Researchers across Wales capitalize on the high-performance computing resources of Supercomputing Wales to drive discovery and innovation — and find answers to hard scientific questions.
Supercomputers make it possible for researchers to address questions that couldn’t be easily answered by other means, including investigations conducted in laboratories and on desktop systems.
This is the case at Supercomputing Wales, where researchers use high performance computing clusters to investigate the types of problems that require massive amounts of compute power. From modelling the power of the sea as a low-carbon energy source to improving the speed and accuracy of tuberculosis testing, researchers draw on the resources of Supercomputing Wales to drive discovery, innovation and scientific breakthroughs. Here is a small sample of the wide-ranging scientific investigations facilitated by Supercomputing Wales.
Near real-time monitoring of land use
The Living Wales research team at Aberystwyth University has joined forces with Supercomputing Wales to produce land cover and change of use maps from satellite images using images from the European Space Agency Sentinel and NASA Landsat Satellites going back to the 1980s. The maps are providing a vital resource for policymaking, planning, education and agriculture.
Recognizing specific foods in MRI scans using deep learning
A research team from Bangor University, Basrh University in Iraq, and INRA-AgroParisTech in France used a deep convolutional neural network (CNN) to gain a better understanding of the kinetics of human gastric emptying. In this study, the researchers showed that a CNN can automatically label the contents of the stomach shown in MRI images with a high degree of accuracy.
A next-generation comjugate gradient benchmark from computational particle physics
Researchers at Swansea University in collaboration with DiRAC institutions developed SOMBRERO a HiRep research code to overcome challenges presented by Lattice Field Theory calculations. SOMBRERO was used for technical commissioning of the new DiRAC 3 facilities for the UK physics community presenting future investigations for porting to GPU and hybrid multithread-MPI parallelism using SYCL.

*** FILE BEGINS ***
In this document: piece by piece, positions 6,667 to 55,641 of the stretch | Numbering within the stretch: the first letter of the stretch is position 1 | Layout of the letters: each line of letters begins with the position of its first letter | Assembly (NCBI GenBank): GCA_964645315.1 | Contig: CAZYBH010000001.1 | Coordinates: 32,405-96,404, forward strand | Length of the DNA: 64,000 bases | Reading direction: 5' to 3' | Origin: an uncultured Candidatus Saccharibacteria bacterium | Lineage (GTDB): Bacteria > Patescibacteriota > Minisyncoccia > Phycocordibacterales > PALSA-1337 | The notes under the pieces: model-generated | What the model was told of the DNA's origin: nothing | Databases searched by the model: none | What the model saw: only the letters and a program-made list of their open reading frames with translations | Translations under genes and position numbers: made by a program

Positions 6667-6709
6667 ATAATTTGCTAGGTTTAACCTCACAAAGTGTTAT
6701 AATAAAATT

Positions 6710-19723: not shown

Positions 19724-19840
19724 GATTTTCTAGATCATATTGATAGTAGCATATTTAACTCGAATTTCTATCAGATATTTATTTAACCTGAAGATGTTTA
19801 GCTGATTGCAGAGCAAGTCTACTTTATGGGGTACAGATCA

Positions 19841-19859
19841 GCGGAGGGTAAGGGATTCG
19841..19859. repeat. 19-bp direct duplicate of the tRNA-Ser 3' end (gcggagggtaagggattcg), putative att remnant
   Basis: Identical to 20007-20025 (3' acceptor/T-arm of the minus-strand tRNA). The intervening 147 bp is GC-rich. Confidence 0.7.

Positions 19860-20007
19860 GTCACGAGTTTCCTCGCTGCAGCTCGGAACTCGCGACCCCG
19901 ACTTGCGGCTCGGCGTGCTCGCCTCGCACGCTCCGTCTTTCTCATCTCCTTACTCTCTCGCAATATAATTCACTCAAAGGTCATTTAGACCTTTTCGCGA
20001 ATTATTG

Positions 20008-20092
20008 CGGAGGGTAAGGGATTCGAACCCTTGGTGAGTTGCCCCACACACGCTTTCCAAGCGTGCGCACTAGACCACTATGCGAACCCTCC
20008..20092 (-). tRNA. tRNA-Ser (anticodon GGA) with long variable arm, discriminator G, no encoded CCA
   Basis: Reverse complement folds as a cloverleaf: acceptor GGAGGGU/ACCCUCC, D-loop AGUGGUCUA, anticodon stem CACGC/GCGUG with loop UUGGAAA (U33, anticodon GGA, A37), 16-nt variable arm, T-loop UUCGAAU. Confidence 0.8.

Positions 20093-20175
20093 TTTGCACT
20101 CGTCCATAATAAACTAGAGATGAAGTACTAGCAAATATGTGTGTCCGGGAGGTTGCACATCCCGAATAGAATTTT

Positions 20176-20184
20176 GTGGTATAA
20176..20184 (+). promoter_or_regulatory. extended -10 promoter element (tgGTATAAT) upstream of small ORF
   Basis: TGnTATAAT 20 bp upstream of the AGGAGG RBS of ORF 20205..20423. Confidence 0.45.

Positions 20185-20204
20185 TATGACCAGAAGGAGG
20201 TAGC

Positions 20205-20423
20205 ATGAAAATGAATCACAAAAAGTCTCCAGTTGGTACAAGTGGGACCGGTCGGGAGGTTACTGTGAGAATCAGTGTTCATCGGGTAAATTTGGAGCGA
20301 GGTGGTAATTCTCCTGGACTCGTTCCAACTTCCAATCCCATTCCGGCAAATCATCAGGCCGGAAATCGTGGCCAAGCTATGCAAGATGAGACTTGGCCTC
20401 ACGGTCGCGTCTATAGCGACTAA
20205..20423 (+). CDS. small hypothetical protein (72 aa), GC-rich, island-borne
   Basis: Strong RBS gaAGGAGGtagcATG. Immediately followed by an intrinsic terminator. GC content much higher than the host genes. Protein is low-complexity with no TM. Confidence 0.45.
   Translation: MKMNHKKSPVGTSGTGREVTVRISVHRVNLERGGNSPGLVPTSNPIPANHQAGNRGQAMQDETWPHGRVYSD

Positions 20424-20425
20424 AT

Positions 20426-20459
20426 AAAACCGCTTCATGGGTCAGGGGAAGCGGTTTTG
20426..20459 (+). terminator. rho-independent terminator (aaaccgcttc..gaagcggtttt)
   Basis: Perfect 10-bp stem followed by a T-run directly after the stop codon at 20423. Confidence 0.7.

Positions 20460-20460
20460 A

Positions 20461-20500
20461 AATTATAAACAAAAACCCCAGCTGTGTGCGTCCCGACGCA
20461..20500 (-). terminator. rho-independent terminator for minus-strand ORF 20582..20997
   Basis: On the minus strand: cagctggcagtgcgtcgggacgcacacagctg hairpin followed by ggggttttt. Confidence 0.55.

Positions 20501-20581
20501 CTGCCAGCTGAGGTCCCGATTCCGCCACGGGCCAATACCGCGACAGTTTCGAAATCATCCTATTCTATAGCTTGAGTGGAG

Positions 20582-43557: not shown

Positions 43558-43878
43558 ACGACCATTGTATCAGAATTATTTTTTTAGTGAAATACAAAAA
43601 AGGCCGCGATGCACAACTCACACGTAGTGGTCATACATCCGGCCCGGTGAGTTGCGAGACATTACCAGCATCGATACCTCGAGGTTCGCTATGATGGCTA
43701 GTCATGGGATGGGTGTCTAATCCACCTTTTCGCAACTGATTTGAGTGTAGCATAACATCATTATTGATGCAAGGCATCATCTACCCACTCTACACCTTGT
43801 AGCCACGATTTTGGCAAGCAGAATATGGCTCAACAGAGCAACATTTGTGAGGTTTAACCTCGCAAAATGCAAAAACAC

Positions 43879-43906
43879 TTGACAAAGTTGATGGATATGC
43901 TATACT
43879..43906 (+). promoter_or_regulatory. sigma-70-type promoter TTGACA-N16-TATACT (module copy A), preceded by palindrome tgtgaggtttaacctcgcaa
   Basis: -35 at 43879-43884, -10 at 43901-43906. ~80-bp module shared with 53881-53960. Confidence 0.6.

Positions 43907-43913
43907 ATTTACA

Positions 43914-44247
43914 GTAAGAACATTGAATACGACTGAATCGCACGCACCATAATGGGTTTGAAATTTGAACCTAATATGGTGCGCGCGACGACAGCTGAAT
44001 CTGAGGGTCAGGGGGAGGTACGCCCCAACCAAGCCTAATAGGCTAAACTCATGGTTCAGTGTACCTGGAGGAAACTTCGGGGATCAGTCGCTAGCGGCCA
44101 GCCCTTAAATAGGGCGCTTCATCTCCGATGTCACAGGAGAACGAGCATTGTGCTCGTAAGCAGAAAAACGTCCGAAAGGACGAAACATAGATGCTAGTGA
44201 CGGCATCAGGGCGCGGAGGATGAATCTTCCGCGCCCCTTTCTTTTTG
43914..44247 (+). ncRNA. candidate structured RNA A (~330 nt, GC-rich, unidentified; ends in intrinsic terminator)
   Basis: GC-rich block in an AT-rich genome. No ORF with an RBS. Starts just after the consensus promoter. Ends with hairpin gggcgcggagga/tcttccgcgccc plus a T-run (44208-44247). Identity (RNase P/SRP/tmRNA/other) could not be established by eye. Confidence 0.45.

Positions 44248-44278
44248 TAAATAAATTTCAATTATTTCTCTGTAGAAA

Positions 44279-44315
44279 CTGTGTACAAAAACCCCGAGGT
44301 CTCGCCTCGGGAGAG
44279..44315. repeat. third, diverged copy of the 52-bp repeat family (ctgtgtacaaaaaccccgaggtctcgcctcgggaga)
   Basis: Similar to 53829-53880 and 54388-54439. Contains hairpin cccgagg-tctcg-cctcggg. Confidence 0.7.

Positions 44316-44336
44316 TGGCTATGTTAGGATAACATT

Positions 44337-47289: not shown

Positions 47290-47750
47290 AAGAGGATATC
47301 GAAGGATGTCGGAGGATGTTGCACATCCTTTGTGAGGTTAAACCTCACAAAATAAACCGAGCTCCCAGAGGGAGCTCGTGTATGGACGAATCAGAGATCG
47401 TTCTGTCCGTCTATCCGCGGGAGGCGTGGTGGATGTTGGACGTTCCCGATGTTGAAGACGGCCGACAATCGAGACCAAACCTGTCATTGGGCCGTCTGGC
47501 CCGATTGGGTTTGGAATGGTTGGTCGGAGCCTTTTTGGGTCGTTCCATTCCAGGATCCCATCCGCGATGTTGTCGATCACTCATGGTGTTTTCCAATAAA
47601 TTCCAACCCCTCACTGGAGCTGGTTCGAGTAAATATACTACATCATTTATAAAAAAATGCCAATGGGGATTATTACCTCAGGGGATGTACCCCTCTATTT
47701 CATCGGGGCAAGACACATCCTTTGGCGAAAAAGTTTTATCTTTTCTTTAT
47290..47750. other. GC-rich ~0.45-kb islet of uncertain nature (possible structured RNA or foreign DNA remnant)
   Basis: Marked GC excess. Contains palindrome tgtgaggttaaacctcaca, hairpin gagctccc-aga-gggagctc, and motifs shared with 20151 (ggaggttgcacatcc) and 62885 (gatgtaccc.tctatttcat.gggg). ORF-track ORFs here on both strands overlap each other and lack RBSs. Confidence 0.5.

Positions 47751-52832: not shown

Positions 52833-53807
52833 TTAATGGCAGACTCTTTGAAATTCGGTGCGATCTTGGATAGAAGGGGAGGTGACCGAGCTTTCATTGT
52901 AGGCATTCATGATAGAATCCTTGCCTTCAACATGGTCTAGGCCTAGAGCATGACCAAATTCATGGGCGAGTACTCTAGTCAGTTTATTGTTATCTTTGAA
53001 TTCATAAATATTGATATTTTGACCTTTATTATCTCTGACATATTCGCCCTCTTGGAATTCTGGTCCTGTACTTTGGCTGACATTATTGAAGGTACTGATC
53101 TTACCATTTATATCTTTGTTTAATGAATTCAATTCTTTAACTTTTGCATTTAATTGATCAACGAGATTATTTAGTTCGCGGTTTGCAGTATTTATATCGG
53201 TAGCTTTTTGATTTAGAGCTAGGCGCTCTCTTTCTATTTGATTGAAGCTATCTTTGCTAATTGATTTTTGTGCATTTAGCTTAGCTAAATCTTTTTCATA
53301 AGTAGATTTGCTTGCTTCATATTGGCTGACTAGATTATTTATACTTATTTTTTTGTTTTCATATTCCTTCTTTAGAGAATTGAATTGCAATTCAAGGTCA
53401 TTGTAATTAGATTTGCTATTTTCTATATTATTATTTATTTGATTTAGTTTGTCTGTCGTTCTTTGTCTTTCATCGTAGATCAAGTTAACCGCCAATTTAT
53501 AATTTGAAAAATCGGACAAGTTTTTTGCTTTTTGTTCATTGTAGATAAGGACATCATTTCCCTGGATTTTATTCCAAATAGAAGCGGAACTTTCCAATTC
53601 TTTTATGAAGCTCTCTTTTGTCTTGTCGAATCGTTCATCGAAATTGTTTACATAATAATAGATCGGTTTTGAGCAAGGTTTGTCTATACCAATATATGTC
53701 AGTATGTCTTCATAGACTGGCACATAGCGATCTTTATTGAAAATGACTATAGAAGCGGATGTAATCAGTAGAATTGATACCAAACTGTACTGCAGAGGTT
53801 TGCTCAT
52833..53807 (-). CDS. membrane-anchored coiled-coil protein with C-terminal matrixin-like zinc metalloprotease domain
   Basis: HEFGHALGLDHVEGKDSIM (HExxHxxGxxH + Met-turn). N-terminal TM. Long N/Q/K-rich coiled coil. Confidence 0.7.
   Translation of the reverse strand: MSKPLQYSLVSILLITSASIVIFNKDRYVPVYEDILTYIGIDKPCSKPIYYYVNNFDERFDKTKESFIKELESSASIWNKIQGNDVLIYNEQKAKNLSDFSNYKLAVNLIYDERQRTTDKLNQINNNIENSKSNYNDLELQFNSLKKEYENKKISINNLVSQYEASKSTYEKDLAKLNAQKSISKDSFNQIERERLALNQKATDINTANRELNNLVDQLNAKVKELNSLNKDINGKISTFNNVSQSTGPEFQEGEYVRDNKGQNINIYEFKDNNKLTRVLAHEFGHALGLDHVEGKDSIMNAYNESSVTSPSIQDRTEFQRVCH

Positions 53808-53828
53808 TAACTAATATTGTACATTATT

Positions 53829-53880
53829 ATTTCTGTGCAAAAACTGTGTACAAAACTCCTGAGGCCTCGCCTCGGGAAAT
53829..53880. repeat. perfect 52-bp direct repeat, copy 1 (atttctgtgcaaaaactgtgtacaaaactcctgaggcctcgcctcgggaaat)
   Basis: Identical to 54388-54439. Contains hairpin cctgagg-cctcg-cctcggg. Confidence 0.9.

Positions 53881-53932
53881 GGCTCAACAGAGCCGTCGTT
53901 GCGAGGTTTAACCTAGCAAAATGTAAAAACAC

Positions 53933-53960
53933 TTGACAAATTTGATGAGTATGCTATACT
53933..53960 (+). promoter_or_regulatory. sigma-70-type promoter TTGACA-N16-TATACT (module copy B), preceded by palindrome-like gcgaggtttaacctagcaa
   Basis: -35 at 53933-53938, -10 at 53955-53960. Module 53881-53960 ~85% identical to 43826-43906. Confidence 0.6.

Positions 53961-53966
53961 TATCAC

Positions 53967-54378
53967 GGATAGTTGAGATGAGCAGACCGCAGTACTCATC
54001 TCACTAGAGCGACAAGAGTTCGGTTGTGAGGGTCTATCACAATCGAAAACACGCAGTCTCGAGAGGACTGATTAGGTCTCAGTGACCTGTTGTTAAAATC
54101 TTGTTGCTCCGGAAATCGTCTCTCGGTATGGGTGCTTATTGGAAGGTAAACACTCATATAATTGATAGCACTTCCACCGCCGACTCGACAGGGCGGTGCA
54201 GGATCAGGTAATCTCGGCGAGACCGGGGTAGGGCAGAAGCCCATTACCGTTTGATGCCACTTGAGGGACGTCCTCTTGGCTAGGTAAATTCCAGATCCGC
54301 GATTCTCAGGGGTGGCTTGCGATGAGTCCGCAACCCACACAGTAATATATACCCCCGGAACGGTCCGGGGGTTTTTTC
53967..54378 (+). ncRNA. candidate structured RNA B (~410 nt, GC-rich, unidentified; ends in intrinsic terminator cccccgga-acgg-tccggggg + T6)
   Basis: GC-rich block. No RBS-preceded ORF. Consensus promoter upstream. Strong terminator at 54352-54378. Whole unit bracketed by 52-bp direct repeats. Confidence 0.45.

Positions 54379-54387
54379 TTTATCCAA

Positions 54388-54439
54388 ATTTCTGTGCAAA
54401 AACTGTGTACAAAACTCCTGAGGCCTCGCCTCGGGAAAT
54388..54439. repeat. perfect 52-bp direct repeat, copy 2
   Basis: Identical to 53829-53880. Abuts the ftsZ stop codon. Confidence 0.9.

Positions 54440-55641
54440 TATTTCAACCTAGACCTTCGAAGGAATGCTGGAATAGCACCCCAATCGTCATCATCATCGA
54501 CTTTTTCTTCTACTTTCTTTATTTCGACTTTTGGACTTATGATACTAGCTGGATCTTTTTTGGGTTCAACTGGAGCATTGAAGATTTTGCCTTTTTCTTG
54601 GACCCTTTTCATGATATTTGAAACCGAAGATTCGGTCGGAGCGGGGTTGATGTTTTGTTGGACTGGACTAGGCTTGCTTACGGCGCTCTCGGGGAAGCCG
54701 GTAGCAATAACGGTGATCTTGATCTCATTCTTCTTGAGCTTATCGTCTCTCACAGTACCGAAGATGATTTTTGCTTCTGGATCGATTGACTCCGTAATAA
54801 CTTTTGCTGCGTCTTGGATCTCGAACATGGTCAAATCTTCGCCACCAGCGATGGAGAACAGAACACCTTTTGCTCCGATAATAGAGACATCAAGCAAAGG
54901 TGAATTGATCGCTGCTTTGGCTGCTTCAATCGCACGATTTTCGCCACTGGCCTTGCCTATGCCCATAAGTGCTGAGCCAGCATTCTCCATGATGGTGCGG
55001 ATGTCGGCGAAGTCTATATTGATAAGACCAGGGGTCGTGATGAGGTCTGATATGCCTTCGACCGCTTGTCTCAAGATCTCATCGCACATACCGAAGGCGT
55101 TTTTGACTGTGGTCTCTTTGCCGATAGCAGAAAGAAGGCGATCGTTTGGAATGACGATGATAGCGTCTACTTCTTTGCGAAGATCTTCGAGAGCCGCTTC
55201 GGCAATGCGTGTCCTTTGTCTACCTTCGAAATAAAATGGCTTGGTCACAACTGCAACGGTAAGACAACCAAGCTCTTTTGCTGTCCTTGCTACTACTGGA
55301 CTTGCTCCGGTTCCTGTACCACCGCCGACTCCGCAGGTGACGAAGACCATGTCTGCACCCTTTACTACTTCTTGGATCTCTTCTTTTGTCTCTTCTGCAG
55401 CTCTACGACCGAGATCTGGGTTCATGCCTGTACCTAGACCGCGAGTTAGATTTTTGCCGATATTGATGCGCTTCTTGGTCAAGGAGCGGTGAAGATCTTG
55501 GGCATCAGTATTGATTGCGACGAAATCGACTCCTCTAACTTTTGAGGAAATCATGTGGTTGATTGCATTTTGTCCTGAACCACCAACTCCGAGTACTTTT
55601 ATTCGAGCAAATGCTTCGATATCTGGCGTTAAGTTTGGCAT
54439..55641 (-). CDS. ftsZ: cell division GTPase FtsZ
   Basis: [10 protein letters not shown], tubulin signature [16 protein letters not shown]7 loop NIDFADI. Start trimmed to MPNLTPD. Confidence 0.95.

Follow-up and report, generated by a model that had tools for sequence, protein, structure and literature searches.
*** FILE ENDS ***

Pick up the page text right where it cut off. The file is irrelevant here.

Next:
Impact of sea level rise on UK coasts
Researchers from Cardiff University drew on the power of HPC clusters and large-scale modelling to predict the effects of increased wave heights on the evolution of the UK coasts. In this study, researchers used an ocean model that includes momentum, continuity, temperature, salinity and density equations.
This is just a small teaser for the amazing research being done with help of Supercomputing Wales and its HPC clusters from Atos and Dell Technologies.
A Center of Excellence
Supercomputing Wales is a strategic program of investment in the University sector in Wales led by Cardiff University, in a consortium with Aberystwyth, Bangor and Swansea universities. Part-funded by the European Regional Development Fund through Welsh Government, this program provides researchers across Wales with access to powerful computing facilities for science and innovation projects.
At the heart of the Supercomputing Wales initiative is a center of excellence spearheaded by two global leaders in digital transformation, Atos and Dell Technologies. This Center of Excellence (CoE) provides Welsh researchers with leading-edge HPC equipment, software and services, including a supercomputer, and on-demand cloud-based supercomputing simulation and services.
With the HPC systems and expertise of Supercomputing Wales and the Atos — Dell Technologies Supercomputing Centre of Excellence, researchers have access to the resources they need to simulate and solve complex scientific problems — and keep the nation of Wales at the forefront of theoretical science and technical innovation.
For a closer look at the systems in the Supercomputing Wales environment, see the Dell Technologies case study “World-Class Research.” Learn more about Dell Technologies HPC & AI Centers of Excellence.
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